Ford Motor to slash 3,000 jobs as it pivots to a software future

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Ford Motor Co said it will cut a total of 3,000 salaried and contract jobs, mostly in North America and India, as it restructures to catch up with Tesla Inc in the race to develop software-driven electric vehicles.

Ford Chief Executive Jim Farley has been signaling for months that he believed the Dearborn, Mich. automaker had too many people, and that not enough of its workforce had the skills required for success as the auto industry shifts to electric vehicles and digital services.

“We are eliminating work, as well as reorganising and simplifying functions throughout the business. You will hear more specifics from the leaders of your area of the business later this week,” Farley and Ford Chairman Bill Ford wrote in a joint email.

Ford Motor’s net income rose 19% in the second quarter as the company pulled together enough computer chips to boost factory output and sales.

The automaker said recently that it made $667 million from April through June, compared with $561 million a year earlier.

The company stuck with its full-year outlook for pretax earnings of $11.5 billion to $12.5 billion and it still expects 10% to 15% growth in vehicle sales to dealers for the full year. It also boosted its dividend from 10 cents per share to 15 cents per share starting in the third quarter, the level it was before the pandemic.

But Chief Financial Officer John Lawler said the automaker is modeling several scenarios in case the economy slips into a recession. He says Ford is better prepared for a downturn than in the past thanks to lower expenses and a stronger model lineup.

It’s also in the midst of a major transformation of the business that will include white-collar job cuts. CEO Jim Farley told analysts Wednesday that the company is too complex and its costs aren’t competitive. It also has too many employees in some areas.

The company, he said has too many versions of its internal-combustion vehicles. It plans to create more models off the same electric vehicle underpinnings, spending capital on areas that affect customers such as software, digital displays and automated driving systems, Farley said.

Areas that will see cuts will be decided by examinations of work flows, Farley said.

Ford has realigned itself into three business units, one for electric vehicles, another for commercial vehicles and another for internal-combustion vehicles. Lawler said the company’s factories are still slowed by the global shortage of computer chips, which he expects to improve in the fourth quarter.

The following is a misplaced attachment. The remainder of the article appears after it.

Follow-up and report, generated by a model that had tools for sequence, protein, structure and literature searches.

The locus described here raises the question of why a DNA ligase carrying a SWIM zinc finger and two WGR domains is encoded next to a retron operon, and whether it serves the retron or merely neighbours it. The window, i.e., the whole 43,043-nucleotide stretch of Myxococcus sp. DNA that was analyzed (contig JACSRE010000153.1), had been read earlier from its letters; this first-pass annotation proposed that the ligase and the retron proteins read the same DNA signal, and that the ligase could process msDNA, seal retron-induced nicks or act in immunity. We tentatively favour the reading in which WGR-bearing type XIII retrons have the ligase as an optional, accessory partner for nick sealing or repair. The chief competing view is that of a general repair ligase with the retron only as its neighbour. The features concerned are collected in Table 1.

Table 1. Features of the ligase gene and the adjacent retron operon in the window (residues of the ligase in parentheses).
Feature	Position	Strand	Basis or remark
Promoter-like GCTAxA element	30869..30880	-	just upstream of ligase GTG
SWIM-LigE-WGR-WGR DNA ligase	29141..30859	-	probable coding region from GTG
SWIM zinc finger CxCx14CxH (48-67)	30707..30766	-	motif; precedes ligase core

The company is planning for macroeconomic problems, with the next issue being energy shortages in Europe due to Russia limiting natural gas supplies. Ford, he said, has 550 parts-supply companies in high risk areas of Europe, with 130 sending parts to North America.

From April through June, adjusted earnings per share were 68 cents, beating Wall Street estimates of 45 cents, according to FactSet. Revenue was $40.19 billion, also beating analyst estimates of $36.87 billion.

Sales in the US, Ford’s most profitable market, rose just under 2% for the quarter. That boosted profits when coupled with strong demand and high prices for trucks and SUVs.

$1.7 billion verdict: Ford Motor plans to appeal a $1.7 billion verdict against the automaker after a pickup truck crash that claimed the lives of a Georgia couple, a company representative said on Sunday.

Jurors in Gwinnett County, just northeast of Atlanta, returned the verdict late last week in the yearslong civil case involving what the plaintiffs’ lawyers called dangerously defective roofs on ford pickup trucks, lawyer James Butler Jr. said Sunday.

Melvin and Voncile Hill were killed in April 2014 in the rollover wreck of their 2002 ford F-250. Their children Kim and Adam Hill were the plaintiffs in the wrongful death case.

“While our sympathies go out to the Hill family, we do not believe the verdict is supported by the evidence, and we plan to appeal,” ford said in a statement to The Associated Press on Sunday.

Butler said he was stunned by evidence in the case.

“I used to buy ford trucks,” Butler said on Sunday. “I thought nobody would sell a truck with a roof this weak. The damn thing is useless in a wreck. You might as well drive a convertible.”

In closing arguments, lawyers hired by the company defended the actions of ford and its engineers.

The Michigan-based automaker sought to defend the company against accusations “that ford and its engineers acted willfully and wantonly, with a conscious indifference for the safety of the people who ride in their cars when they made these decisions about roof strength,” defense lawyer William Withrow Jr. said in his closing arguments, according to a court transcript.

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